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Urban League making a difference in tough time

by Jim Longworth

Some Washington economists say the recession is over. Try telling that to hundreds of thousands of unemployed or underemployed North Carolinians. Try explaining it to the 37,000 who are about to lose their extended benefits. Try telling it to the hourly workers and their managers who were laid off when their plant closed. Clearly, despite what the so-called experts say, times are still tough here in the Tarheel State. Fortunately there is an organization that is addressing our recessionary problems by tailoring programs and services to every demographic group that needs a leg up.

The Winston Salem Urban League has been around for more than 60 years, and during that time its core mission has remained constant: to empower the community and change lives.

“In today’s economy, when we look at the number of corporations who are downsizing or have left the community, we can’t get down on ourselves. We have to look at ways in which we retrain, rethink and reboot ourselves so that we can make ourselves viable in this community, and that’s what empowerment is all about,” says Urban League CEO Keith Grandberry.

Toward that end, Grandberry is also quick to dispel the myth that the word “urban” means the league’s service is limited to minority populations.

“The Urban League is in 18 counties, and many of the people we serve are not minorities. We serve everyone. We serve middle income people. We serve folks who have lost their jobs and who need to be retrained. We try to provide a service to everyone in this community because we believe everyone is important.”

The Urban League is funded in part by donations from corporations such as the Wachovia Foundation, whose $100,000 grant allows the League to help unemployed managers and executives prepare to re-enter the job market, some of whom have gone on to start their own businesses. Meanwhile, Piedmont Federal Savings Bank recently donated a building in northeast Winston- Salem where Forsyth Tech and Wake Forest University will help the Urban League establish a training center and job readiness program for people out of work.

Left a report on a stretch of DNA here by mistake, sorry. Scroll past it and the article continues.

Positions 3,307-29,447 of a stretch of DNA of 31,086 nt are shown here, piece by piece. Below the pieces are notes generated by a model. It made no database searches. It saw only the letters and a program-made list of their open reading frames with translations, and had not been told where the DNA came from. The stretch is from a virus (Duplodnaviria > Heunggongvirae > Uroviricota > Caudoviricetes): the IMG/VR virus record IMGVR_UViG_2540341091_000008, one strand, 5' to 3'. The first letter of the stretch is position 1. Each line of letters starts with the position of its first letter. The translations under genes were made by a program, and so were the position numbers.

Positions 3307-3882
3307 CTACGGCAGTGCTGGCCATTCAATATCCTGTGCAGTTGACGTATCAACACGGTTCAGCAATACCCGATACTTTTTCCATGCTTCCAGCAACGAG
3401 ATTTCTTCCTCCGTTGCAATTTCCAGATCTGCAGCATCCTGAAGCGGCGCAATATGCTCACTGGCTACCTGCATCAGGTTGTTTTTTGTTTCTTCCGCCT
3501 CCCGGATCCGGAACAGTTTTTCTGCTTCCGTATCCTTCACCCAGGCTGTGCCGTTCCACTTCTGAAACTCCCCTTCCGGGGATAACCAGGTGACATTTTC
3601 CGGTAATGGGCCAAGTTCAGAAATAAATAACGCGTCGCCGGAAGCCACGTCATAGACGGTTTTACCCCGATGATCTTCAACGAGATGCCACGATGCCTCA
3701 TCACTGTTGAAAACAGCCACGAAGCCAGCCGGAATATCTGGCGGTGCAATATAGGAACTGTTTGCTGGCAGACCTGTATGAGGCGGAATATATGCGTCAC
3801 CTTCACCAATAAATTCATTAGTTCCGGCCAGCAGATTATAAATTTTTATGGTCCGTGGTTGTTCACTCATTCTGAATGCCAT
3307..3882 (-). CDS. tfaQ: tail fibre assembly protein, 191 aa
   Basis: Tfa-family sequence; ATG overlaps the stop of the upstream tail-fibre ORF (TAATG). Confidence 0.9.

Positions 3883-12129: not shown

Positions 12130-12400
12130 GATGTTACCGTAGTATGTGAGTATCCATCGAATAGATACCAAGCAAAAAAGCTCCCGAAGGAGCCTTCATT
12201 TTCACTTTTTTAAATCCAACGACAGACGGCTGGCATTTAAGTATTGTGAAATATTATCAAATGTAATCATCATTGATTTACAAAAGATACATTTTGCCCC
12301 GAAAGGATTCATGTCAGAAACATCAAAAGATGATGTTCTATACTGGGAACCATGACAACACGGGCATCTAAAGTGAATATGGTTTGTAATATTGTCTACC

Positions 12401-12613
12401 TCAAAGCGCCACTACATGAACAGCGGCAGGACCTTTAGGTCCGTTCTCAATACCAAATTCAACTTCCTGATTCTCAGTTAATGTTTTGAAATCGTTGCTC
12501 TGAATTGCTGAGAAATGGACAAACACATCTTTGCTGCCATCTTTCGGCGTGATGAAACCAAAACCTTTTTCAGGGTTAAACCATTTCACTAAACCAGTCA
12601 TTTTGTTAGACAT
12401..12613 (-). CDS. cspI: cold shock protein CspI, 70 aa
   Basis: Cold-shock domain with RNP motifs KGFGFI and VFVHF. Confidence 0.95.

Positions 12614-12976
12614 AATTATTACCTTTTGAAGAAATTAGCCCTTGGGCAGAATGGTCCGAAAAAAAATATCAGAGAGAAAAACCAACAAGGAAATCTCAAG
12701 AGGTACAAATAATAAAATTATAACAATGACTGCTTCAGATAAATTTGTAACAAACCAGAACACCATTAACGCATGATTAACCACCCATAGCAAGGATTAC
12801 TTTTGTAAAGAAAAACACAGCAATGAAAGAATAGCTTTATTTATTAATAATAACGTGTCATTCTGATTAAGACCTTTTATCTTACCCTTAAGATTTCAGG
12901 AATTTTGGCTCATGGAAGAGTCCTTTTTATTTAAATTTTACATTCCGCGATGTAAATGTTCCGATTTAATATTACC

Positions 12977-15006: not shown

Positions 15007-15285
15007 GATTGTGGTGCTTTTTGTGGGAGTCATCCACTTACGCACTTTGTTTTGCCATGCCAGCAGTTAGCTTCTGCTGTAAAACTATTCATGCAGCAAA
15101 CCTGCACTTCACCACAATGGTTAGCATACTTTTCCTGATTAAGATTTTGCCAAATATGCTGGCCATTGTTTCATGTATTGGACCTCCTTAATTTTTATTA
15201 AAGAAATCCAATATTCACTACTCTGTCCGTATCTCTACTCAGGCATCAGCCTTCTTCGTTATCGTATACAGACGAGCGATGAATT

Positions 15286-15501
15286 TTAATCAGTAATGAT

These and other programs benefit a diverse population, including those over 55 years of age. One such initiative is the Digital Inclusion Program that teaches older adults how to use computers.

“Some of our seniors are involved in a job search, and they realize that in today’s market you need to have basic computer skills. So our program is a way of empowering them to be employed,” said Patricia Sadler, the league’s director of marketing.

And for retired persons, the Digital Inclusion Program is being offered in 18 senior facilities where residents can set up e-mail accounts and communicate with distant relatives.

But for all the good work the Urban League is doing for adults, perhaps their most ambitious initiative involves young people who are at risk of dropping out of school. Working with the Winston-Salem/Forsyth County Schools, Forsyth Technical Community College and nationally recognized facilitator Stedman Graham, the Urban League offers a structured program for teens enrolled in alternative schools where historically about 70 percent of the students tend to drop out.

“We’re focusing on a lot of kids who are in tough situations, and we provide them with mentoring, tutoring and leadership development skills to make sure that they stay in school,” says Grandberry. Students who participate in the Urban League’s Youth Leadership Program graduate with a renewed purpose and marketable skills.

One of Graham’s favorite motivational phrases for youth is, “You are not your circumstances. You are your possibilities.” But that philosophy really applies to people of all ages who need and deserve a second chance. Appearing on “Triad Today,” Lt. Governor Walter Dalton commented that, “In these tough economic times, the Urban League gives people a foundation to move forward.”

It’s well deserved praise for the architects of that foundation.

Urban League Week kicks off on May 18, with a ribbon cutting at the new Northside Center office in Winston-Salem. For job training information contact the WS Urban League at 336.725.5614.

Jim Longworth is the host of “Triad Today,” airing on Fridays at 6:30 a.m. on ABC 45 (cable channel 7) and Sundays at 10 p.m. on WMYV (cable channel 15).

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